Going on holiday and travelling the world is an exciting opportunity to experience other cultures. But it’s important to respect the country you’re visiting. In a lot of countries in the Middle East and Asia, culture and day-to-day life revolves around religion, so there are certain rules and etiquette that you should take note of, including what to wear.
A lot of countries have particular dress codes and laws, so brushing up on this information can stop you from accidentally causing offence. It’s often thought that the dress code only applies to women, but this isn’t always the case. While there are certainly more rules for women, men should also be aware of what they can and can’t wear in certain countries. Find out what to wear – and what to avoid – with our handy guide.
Women visiting the Middle East: what to wear
First up, let’s talk about women visiting the Middle East. If you’re staying in a resort or visiting a beach club, you can wear what you like. But if you decide to go exploring, there are a few rules to be aware of. As a general rule of thumb, it’s best to err on the side of caution – you can’t be dressed to conservatively. Midi-skirts are a safe bet, while short skirts or tight trousers should be avoided. To avoid any problems, it’s a good idea to pack loose clothing, like linen trousers or maxi dresses. In terms of tops, your shoulders should be covered and plunging necklines are a no-no.
Each country is different, but if you’re visiting a Muslim country, it’s a good idea to carry a scarf in your bag. It can come in handy, especially if you want to visit a holy site, where you’ll be expected to cover your head. A lot of popular destinations – like Dubai, Abu Dhabi and Turkey – are very used to tourists, and wouldn’t expect you to be covered up all the time. But if you’re travelling somewhere where headscarves are required by law – such as Iran or Saudi Arabia – you must where one when you’re out and about. If in doubt, see what local women wear and adjust your outfit accordingly.
Women visiting Asia: what to wear
When it comes to travelling Asia, there’s no official dress code for Westerners, but some countries are more conservative than others. It tends to come down to the sheer volume of tourists – if a country is used to millions of western visitors, it’s usually a more relaxed environment.
Countries that are well-trodden by tourists – like Thailand, Vietnam and Malaysia – tend to be pretty relaxed, especially in the cities and by the beach. Of course, if you choose to visit a religious site, your shoulders, midriff and knees should be covered. You may also wish to cover up on public transport, to avoid attracting unwanted attention. But, that aside, you can pretty much wear your usual holiday wardrobe.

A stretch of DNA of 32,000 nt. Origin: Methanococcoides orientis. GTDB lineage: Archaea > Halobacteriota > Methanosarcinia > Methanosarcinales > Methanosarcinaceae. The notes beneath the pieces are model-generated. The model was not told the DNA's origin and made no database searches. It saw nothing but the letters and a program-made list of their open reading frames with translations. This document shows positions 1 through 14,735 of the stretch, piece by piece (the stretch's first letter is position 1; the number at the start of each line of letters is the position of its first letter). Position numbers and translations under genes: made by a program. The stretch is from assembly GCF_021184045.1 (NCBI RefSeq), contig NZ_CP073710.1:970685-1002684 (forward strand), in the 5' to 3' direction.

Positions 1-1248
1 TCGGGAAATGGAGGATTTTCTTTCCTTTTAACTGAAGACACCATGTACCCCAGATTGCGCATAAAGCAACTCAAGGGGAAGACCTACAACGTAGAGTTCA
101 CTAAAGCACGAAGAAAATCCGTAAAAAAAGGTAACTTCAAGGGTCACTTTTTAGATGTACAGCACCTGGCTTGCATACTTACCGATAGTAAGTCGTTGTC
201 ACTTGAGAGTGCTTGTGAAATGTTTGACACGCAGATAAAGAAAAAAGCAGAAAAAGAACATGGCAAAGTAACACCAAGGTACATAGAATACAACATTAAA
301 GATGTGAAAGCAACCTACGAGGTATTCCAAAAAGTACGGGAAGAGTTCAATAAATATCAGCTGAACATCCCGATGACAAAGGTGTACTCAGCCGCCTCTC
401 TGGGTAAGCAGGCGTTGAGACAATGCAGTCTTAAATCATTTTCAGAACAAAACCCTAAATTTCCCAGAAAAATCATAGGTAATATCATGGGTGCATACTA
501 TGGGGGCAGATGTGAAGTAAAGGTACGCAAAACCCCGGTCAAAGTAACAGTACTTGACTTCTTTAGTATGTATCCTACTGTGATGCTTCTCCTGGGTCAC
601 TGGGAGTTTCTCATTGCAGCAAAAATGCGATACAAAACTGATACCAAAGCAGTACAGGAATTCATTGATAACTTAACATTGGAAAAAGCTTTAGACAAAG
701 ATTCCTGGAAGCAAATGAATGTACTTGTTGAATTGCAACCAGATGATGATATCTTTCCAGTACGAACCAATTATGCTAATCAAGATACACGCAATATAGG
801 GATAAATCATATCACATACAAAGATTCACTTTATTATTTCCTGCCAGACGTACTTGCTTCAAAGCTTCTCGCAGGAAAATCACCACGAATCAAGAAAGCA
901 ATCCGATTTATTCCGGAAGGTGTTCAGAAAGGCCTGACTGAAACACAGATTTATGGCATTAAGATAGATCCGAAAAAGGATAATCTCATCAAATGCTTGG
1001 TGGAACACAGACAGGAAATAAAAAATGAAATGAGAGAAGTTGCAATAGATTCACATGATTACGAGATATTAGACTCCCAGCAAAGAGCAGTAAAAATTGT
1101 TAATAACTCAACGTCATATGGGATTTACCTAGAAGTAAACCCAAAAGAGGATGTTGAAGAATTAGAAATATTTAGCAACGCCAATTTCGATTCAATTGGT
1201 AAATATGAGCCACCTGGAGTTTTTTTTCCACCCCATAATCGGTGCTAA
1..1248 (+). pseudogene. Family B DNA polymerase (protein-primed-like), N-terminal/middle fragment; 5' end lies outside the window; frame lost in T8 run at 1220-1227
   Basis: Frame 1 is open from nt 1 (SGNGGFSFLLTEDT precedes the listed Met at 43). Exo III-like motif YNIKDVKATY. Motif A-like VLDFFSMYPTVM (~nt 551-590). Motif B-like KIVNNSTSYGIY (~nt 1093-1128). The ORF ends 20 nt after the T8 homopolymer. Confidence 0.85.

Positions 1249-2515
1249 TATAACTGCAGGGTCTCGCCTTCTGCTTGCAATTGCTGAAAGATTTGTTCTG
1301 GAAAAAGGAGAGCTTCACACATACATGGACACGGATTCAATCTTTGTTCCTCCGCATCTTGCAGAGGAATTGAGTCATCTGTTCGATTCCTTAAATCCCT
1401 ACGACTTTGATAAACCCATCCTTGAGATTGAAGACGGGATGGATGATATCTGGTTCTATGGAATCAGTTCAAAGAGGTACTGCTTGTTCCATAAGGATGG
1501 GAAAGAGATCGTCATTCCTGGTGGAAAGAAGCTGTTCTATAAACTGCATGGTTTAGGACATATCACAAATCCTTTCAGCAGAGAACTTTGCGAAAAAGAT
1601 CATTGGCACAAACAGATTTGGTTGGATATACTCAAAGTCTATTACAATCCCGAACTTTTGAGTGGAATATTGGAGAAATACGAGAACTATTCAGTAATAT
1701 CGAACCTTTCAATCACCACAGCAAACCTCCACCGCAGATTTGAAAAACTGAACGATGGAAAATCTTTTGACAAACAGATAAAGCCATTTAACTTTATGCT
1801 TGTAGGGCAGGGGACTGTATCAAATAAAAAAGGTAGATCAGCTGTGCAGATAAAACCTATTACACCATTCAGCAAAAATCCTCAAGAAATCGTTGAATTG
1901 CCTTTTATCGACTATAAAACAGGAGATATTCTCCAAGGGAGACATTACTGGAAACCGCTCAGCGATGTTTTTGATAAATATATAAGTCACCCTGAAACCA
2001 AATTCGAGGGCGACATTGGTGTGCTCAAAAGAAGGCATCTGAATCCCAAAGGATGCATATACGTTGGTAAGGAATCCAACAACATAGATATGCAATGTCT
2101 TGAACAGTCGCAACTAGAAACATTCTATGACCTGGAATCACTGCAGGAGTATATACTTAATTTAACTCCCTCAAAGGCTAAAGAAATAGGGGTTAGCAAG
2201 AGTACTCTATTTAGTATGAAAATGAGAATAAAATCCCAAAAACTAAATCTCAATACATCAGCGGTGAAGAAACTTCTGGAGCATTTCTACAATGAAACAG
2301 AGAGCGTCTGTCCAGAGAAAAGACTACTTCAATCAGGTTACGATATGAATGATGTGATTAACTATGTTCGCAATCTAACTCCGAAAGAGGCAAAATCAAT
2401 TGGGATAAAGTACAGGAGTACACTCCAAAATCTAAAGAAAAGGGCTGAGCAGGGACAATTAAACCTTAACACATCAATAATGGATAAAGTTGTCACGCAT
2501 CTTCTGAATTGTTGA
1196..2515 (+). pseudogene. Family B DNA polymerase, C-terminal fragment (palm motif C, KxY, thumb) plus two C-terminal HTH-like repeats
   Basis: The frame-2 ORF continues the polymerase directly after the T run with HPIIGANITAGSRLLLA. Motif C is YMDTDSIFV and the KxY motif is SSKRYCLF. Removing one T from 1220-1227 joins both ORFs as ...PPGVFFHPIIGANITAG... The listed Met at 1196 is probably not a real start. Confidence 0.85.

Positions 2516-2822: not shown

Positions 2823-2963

That said, in more rural areas – or more conservative countries, like India and Cambodia – you’ll find that skimpy clothing simply isn’t appropriate. The last thing you want to do is offend anyone, so it’s always a good idea to pack a few long skirts, blouses and t-shirts, so you have back-up options. And bikinis should be definitely confined to the beach. When you’re done sunbathing, simply pull on a maxi dress, or a long skirt and loose top, before you leave the beach.
Men visiting Asia and the Middle East: what to wear
Although many people believe these rules apply mainly to women, men also need to take care with how they dress. As with anything, each country is different, so it’s best to do your research before you travel.
When it comes to visiting holy sites, you’ll need to dress respectfully – just as you would in Europe. Shorts and sleeveless tops should not be worn in temples or mosques, so make sure you cover up. In some countries, this extends beyond holy sites – you might find that wearing t-shirts without sleeves is frowned upon outside of resorts. So it’s best to pack a few lightweight shirts or a jersey, just in case.
You should also be aware that, in some countries, men wearing shorts is not widely accepted. In Iran, for instance, wearing shorts is an absolute no-no, and they’re also discouraged in Oman – so it’s a good idea to pack some long-ish shorts and trousers to avoid offending anyone. Buy some trousers made from light cotton to avoid overheating. Sandals are perfectly fine for men to wear.